Friday, July 29, 2016


We continue our study and presentation of P. M. Scott's work with The Service of Stewards.  So far we have progressed from our baptismal incorporation into the Church, admission into God's service, adoption as sons of God, and now take a look at the responsibility of our higher calling as such.
BRETHREN, I would not that ye should be ignorant, how that all our fathers were under the cloud, and all passed through the sea; And were all baptized unto Moses in the cloud and in the sea; And did all eat the same spiritual meat; and did all drink the same spiritual drink (for they drank of that spiritual Rock that followed them, and that Rock was Christ). But with many of them God was not well pleased; for they were overthrown in the wilderness. Now these things were our examples, to the intent we should not lust after evil things, as they also lusted. Neither be ye idolaters, as were some of them; as it is written, The people sat down to eat and drink, and rose up to play. Neither let us commit fornication, as some of them committed, and fell in one day three and twenty thousand. Neither let us tempt Christ, as some of them also tempted, and were destroyed of serpents. Neither murmur ye, as some of them also murmured, and were destroyed of the destroyer. Now all these things happened unto them for ensamples: and they are written for our admonition, upon whom the ends of the world are come. Wherefore let him that thinketh he standeth take heed lest he fall. There hath no temptation taken you but such as is common to man; but God is faithful, who will not suffer you to be tempted above that ye are able; but will with the temptation also make a way to escape, that ye may be able to bear it.  ~ 1 Cor. 10. 1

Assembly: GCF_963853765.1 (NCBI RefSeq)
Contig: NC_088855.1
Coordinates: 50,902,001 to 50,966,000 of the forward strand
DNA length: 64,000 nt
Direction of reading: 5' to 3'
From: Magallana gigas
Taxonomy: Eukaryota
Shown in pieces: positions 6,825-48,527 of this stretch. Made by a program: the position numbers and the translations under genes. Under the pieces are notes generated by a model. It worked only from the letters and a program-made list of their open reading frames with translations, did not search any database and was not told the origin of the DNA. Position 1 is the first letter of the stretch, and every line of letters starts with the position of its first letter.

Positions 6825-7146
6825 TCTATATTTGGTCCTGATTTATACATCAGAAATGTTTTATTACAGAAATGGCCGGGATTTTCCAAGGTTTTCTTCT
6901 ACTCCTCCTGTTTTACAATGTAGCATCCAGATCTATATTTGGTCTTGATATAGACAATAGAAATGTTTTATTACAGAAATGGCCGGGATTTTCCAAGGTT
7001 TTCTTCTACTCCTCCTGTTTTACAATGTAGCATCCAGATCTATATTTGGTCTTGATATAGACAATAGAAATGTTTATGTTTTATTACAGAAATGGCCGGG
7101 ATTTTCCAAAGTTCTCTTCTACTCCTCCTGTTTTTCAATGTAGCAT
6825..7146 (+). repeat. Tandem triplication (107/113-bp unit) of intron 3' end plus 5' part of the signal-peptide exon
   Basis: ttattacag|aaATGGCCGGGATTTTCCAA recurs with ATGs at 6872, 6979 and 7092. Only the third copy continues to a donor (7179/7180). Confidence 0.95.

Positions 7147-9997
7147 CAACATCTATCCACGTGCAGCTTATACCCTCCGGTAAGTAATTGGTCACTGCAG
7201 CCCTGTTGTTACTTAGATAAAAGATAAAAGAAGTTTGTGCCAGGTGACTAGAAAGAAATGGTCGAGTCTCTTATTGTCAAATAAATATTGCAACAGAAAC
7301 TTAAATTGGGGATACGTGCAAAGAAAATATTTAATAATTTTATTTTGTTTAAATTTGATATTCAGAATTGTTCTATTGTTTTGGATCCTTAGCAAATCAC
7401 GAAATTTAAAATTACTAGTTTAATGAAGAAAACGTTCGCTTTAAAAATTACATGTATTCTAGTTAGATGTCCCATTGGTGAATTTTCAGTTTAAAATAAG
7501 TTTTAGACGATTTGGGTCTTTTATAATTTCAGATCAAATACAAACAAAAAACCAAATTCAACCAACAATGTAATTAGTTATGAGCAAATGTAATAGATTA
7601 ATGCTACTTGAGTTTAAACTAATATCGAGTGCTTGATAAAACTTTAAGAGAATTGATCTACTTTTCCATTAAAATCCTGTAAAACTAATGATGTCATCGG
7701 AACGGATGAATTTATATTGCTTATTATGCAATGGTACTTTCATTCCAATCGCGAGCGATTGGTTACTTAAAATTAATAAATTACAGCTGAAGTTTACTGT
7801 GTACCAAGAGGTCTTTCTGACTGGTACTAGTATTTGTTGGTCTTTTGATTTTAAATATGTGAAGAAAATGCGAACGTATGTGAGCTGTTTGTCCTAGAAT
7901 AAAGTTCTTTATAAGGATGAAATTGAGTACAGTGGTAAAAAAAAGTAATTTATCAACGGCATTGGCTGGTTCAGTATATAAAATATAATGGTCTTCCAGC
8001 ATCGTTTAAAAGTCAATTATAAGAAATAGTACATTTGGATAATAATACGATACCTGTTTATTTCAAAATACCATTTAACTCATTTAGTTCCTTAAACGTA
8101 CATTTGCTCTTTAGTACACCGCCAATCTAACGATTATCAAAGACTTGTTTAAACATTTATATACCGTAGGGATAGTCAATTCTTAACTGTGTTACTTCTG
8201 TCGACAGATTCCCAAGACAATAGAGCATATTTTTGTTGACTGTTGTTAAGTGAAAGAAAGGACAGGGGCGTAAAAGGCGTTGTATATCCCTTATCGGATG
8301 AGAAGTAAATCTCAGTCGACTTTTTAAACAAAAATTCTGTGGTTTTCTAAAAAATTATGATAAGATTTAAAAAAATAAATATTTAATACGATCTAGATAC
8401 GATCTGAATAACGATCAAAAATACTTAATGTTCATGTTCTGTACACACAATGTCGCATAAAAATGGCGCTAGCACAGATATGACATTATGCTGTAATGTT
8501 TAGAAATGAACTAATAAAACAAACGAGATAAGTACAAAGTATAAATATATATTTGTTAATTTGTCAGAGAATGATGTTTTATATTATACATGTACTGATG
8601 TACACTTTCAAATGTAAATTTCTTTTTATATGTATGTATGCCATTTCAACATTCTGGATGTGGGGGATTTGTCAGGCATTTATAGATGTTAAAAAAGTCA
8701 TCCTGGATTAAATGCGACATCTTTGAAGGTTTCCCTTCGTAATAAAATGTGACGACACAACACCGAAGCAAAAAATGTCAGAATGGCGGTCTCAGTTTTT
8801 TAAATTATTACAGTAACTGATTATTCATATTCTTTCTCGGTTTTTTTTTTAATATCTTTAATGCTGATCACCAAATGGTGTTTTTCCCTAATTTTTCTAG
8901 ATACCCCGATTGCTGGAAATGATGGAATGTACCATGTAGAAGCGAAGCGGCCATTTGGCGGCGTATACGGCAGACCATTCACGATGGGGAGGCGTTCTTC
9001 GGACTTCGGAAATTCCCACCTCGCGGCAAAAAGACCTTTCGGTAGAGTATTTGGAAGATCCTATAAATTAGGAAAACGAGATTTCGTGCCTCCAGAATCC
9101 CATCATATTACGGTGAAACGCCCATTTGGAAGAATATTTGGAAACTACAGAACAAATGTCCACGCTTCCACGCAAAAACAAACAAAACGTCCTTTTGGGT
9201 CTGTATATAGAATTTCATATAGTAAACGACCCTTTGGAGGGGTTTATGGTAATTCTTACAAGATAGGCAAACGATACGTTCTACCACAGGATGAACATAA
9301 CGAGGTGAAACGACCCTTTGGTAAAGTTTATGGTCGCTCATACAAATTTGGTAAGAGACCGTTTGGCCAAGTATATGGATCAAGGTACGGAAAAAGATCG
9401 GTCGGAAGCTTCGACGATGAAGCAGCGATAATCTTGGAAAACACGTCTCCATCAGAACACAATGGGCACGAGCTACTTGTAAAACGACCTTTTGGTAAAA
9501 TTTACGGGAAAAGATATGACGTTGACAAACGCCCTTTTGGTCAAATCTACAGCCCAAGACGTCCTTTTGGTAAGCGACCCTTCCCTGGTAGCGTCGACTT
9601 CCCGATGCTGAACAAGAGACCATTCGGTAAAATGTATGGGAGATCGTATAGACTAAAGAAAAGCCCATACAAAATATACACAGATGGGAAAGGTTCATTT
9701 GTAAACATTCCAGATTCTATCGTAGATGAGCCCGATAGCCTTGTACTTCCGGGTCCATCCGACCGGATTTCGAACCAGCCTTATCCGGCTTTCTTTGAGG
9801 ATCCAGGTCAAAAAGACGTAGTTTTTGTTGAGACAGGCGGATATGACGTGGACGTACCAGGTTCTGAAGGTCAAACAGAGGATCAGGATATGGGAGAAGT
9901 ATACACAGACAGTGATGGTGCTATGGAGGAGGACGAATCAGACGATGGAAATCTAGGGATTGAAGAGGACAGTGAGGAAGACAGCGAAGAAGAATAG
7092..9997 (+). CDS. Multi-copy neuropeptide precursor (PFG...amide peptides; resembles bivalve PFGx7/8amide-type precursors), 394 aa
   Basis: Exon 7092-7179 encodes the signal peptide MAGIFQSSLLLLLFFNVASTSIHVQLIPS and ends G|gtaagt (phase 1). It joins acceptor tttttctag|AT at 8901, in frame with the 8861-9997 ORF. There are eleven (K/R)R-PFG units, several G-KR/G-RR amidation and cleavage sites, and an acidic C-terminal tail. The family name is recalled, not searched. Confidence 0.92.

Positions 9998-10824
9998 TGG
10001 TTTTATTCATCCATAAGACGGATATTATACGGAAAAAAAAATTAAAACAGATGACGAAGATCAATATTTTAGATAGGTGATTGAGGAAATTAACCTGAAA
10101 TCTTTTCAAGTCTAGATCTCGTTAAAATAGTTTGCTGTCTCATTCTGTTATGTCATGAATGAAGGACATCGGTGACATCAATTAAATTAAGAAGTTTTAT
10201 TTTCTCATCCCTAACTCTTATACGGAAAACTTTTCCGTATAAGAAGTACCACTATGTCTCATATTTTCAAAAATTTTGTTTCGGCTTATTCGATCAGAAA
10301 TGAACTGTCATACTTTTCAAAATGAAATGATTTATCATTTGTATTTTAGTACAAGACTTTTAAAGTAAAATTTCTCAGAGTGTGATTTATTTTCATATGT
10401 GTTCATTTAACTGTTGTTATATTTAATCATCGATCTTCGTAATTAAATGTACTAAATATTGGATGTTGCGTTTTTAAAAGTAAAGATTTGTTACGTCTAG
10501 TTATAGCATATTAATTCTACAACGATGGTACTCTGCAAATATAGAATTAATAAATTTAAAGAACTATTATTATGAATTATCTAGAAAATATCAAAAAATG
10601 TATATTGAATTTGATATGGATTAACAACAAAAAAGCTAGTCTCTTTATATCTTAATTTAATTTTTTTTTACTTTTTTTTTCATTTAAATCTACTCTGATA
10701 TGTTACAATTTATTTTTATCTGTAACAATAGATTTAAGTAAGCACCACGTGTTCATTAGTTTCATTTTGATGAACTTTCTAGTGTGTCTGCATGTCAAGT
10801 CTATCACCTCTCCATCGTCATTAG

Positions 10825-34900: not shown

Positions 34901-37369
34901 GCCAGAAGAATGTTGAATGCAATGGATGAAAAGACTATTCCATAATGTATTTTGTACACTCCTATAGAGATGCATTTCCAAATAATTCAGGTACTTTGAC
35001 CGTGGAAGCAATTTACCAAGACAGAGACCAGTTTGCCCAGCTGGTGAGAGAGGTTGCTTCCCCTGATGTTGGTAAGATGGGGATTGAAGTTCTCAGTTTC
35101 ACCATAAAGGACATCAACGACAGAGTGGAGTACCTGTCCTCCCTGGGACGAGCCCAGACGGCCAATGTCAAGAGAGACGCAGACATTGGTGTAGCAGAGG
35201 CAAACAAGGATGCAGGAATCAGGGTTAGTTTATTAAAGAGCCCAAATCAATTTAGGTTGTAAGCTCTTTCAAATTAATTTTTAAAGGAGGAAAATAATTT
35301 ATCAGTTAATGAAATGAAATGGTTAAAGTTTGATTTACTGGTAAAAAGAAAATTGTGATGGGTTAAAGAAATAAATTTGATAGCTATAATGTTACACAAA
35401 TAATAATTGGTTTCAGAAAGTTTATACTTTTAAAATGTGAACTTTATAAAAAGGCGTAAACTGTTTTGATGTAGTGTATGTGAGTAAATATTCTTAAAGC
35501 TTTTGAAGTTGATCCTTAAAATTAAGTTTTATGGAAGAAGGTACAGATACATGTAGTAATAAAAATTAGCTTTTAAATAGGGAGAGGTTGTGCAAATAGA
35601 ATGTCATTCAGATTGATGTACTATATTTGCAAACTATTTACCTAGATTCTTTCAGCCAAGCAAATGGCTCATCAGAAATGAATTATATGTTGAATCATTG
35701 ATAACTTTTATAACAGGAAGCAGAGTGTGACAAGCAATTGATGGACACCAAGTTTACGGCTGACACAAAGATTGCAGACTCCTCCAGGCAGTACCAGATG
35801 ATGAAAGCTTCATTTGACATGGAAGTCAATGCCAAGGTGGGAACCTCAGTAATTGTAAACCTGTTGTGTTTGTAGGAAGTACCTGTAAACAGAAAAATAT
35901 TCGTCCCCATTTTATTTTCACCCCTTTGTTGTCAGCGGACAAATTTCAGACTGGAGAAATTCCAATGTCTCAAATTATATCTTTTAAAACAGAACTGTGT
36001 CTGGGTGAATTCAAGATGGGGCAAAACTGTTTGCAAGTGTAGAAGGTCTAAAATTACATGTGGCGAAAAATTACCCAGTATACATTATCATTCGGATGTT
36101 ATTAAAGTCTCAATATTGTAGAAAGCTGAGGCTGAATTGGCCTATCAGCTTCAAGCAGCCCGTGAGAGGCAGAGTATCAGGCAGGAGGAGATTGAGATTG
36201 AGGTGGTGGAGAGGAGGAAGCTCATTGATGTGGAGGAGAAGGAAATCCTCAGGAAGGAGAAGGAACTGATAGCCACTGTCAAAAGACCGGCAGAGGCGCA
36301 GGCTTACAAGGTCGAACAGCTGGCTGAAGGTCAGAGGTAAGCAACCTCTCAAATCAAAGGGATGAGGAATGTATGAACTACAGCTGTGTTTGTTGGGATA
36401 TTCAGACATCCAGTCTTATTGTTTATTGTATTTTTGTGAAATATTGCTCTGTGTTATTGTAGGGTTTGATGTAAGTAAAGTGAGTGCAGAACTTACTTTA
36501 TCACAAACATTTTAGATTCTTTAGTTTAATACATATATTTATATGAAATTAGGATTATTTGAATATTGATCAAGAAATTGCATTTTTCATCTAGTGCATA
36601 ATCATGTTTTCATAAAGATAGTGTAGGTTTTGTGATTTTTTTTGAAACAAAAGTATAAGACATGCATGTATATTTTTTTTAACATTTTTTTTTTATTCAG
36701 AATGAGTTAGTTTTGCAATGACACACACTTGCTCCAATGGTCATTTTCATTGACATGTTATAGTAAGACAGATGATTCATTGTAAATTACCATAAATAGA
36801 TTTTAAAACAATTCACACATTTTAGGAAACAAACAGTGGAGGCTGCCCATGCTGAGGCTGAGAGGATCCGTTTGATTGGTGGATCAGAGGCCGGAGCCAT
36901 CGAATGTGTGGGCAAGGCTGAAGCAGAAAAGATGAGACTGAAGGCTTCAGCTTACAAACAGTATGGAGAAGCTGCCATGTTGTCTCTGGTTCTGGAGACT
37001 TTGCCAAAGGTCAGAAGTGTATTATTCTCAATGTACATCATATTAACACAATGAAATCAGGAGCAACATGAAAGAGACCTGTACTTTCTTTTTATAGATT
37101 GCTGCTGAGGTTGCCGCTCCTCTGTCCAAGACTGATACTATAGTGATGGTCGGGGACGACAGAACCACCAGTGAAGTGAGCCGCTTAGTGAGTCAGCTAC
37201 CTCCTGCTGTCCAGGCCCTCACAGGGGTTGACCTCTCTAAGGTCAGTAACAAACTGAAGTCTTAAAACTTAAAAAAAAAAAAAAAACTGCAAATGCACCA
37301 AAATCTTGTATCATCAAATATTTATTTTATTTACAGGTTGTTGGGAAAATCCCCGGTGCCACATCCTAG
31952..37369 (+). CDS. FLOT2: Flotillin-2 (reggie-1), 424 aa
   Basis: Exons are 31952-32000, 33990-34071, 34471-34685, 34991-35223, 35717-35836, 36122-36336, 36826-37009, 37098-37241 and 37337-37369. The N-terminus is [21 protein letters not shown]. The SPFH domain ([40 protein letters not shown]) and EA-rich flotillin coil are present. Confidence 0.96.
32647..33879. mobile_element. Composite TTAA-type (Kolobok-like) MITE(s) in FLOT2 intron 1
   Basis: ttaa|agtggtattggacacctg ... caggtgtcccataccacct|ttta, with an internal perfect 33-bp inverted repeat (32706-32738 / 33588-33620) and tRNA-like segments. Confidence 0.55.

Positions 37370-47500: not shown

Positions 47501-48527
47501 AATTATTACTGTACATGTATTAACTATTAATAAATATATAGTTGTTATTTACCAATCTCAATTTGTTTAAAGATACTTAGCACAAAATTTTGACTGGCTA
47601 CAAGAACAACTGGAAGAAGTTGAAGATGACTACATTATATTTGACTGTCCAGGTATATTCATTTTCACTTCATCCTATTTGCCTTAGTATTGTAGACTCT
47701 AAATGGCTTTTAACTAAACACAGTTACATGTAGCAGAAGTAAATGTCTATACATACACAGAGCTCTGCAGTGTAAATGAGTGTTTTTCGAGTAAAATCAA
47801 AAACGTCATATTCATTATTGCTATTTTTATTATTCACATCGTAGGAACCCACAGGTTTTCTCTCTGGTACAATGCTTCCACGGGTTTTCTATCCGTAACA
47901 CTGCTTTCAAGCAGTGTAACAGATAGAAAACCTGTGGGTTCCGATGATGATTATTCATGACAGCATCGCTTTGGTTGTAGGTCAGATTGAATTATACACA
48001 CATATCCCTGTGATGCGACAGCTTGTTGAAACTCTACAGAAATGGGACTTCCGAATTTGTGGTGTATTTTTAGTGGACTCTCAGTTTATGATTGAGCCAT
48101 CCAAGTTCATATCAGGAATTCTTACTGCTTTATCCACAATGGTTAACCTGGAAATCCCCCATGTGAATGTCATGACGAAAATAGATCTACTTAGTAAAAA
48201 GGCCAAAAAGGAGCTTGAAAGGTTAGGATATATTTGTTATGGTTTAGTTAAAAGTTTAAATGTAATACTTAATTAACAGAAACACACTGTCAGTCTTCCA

The Jews enjoyed special privileges and Paul reminds his listeners of all Israel received and yet forgot their savior God. Paul emphasizes the magnitude of blessing by using the word 'all' five times in a row- all have received of God's blessings and provision- "I would not have you ignorant."  The Jews were baptised unto Moses and the Law, delivered from death, given meaning of the Exodus, provided with living water and Spirit, a sea of protection, supernatural food, and yet were overthrown in the wilderness because they failed to remember and honor God. Paul surely must have stung the conscience of his listeners. How vivid the types and figures that certainly flashed across the minds of those addressed in the Epistle.

Previously we talked about Jesus leading the 4000 into the wilderness and performing the miracle for the 4000, like the Red Sea invoked here, it cut them off from temptation and bondage. Like the slave whose service is absolute- there is no turning back. As with the Manna, Jesus had compassion on them and fed them in the wilderness. These things are recounted for our example- to convey what was given to sustain Israel and fulfilled in the birth of the Church- the Body of Christ. Types are fulfilled. Our Exodus from slave into sonship. The Cloud and Red Sea prefigures our baptism by water and the Holy Spirit. The Law becomes Love. Manna and living water prefigure our Holy Communion- Miracles of 4/5000, Cana, the Upper Room.

The Christian blessings are far greater than that of the Jews because they are fulfilled in the coming of Jesus (S. Luke 10:23)! It follows then that our duty is also greater- we must give back to God being so richly endowed with sonship!

Misuse of Stewardship